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Gearing for 2011: In conversation with Publicis' Nakul Chopra

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Gearing for 2011: In conversation with Publicis' Nakul Chopra

In all, 2010 was a year of quite a few changes for Publicis. Between its agencies Publicis Ambience and Publicis India, new accounts such as Aegis Global Academy, Apollo Tyres, Association of Mutual Funds in India, Cleartrip, Reserve Bank of India, TBZ and Voltas were added to the client roster. But for Nakul Chopra, CEO, Publicis South Asia, this was not enough.

He explained, “There have been wins, but they were not enough for the targets that we had set for ourselves. When you are a late entrant in the market and when you have your competitor so dominantly present, catching up is the strategic imperative. You don’t have a choice but to find a way to grow at twice or more the rate of industry growth. I don’t think our growth for 2010 is lacking if I benchmark it to industry’s performance, but it has not lived up to our personal expectations.”

A Year of Leadership Changes
Speaking to exchange4media, Chopra noted that the year 2010 had been a year of learning and experience. For him, Publicis Capital was the big thing of 2010 for the Group. He elaborated, “Publicis India is a culmination of four acquisitions, on the one side there is Publicis Ambience, which is the acquisition of Ambience, and on the other side is Publicis Capital, which is an acquisition of Zen, Madhyam, and now Capital. The ability to acquire and hold is a part of Publicis’ strategy in India. Today, in addition to some of our recent wins, we can boast of a client list that includes CitiBank, L’Oreal, Maruti Suzuki, Nestle, Nerolac Paints, Lakme and Unilever.”

However, Publicis Ambience saw two key exits in Aniruddha Banerjee (Chairman) and Prasanna Sankhe (National Creative Director). Chopra remarked, “We are not happy to see anyone go, but organisation is larger than the individual. As far as Prasanna was concerned, in 2007 we had put Ashish Khazanchi and Prasanna as Joint National Creative Directors. Certain decisions taken in 2009 with Ashish becoming Vice Chairman would have implications. The organisation had a choice to make and it made it, the individual had a choice and he exercised that and we must respect that. For me, this has happened in the most natural and systematic way.”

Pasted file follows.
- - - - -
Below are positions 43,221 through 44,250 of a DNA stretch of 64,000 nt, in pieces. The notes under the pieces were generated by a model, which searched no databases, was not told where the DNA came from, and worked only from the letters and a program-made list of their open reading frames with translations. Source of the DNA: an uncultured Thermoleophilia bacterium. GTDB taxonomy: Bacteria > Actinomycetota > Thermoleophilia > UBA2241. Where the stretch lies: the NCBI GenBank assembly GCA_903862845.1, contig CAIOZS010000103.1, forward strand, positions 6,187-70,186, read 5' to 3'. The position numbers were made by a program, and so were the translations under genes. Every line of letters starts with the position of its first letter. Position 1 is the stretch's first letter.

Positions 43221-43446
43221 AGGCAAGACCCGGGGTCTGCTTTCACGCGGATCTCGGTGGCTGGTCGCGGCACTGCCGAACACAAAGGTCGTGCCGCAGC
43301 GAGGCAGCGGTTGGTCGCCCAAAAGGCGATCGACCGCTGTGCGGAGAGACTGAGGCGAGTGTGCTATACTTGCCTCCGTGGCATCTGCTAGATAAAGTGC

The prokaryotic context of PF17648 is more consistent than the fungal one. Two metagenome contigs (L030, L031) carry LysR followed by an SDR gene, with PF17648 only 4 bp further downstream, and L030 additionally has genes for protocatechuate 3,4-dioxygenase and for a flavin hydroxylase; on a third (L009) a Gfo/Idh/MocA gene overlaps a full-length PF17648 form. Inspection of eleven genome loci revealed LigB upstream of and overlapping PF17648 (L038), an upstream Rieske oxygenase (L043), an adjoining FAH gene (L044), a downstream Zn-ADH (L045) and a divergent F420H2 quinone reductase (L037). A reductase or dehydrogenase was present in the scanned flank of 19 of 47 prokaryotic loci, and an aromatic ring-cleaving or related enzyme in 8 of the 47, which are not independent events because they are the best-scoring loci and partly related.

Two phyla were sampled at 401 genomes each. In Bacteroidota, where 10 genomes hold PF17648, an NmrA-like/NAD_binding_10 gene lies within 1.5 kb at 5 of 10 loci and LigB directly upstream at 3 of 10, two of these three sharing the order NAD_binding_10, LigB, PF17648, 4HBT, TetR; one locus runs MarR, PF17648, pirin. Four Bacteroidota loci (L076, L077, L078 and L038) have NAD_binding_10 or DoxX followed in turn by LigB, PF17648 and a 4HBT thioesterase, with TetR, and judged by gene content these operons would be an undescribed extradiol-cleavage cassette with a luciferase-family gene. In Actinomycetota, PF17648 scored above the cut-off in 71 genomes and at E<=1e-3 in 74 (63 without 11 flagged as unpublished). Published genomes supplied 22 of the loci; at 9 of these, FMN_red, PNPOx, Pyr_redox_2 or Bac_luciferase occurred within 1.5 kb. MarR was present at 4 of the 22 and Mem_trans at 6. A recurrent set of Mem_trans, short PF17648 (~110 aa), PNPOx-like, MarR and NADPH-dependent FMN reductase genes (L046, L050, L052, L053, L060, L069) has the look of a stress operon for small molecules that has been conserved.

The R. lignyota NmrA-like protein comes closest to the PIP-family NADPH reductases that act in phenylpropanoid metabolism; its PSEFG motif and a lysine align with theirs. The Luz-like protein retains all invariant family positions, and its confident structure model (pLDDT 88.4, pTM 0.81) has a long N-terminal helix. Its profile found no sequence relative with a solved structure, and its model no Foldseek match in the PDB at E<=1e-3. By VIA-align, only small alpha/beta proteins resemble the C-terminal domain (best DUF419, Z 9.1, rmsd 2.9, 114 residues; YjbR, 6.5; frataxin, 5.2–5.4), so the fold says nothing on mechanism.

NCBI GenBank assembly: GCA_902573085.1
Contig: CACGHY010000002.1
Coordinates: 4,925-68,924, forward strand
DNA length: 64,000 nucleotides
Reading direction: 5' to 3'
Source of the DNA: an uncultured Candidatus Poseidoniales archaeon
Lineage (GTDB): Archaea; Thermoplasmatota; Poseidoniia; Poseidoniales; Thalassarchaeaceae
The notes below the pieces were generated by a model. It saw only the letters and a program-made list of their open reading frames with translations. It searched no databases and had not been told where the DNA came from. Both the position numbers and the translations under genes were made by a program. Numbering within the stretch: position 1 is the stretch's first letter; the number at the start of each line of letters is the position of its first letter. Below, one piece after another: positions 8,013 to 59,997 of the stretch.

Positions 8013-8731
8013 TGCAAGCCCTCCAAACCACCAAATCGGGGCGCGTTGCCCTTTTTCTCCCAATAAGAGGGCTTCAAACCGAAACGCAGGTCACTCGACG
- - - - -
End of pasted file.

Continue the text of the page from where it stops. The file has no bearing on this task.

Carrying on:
Publicis is not in the process of replacing the vacant CEO spot, even as the agency would be shortly announcing several key senior appointments. Chopra stressed, “I am not looking to replace the CEO, but there is a new organisational structure that has been mapped out and basis that mapping we will be finalising some senior level appointments – some in management, some in account management, some in creative and planning. We’ll have a new structure probably by the end of this quarter.”

Of New Benchmarks and Expectations
According to Chopra, since Publicis was fairly new compared to most of its competitors, the fastest way to grow was to set higher standards. He highlighted the ‘Maruti kitna deti hai’, ‘Main aur meri Maggi’, Nerolac Paints and the Garnier campaigns as some of the work that kept the agency busy last year.

“The other very significant achievement for us was our performance at the awards last year. In 2010, we were a very clear third, no matter which way you looked at it. We brought home our first ever Gold Lion too,” added Chopra.

Another significant development of 2010 has been the rapid establishment of Publicis Ambience in South India.

When asked whether digital had lived up to expectations, Chopra replied, “For the industry itself, perhaps no. The issue with digital is that at this point of time, the total digital pie in India is good, but it is virtually a no margin medium. Digital is like a tree, which will bear fruits soon, but it is not right now.”

While Chopra is confident of this growth phase continuing in 2011, he pointed out that as an industry, one must also be wary of the external environment. He was apprehensive about the price issue in 2011 and felt that with the cycle of prices and interest rates going up, several sectors, especially the likes of finance sector, would feel an impact. So far, Chopra said, he hadn’t seen signs of it and hoped that it did not happen in the future as well, though it remained an area of concern.

For him, a leap forward in the business could come by following a combination of continued focus on the creative product, aggressive expansion and geographical expansion.

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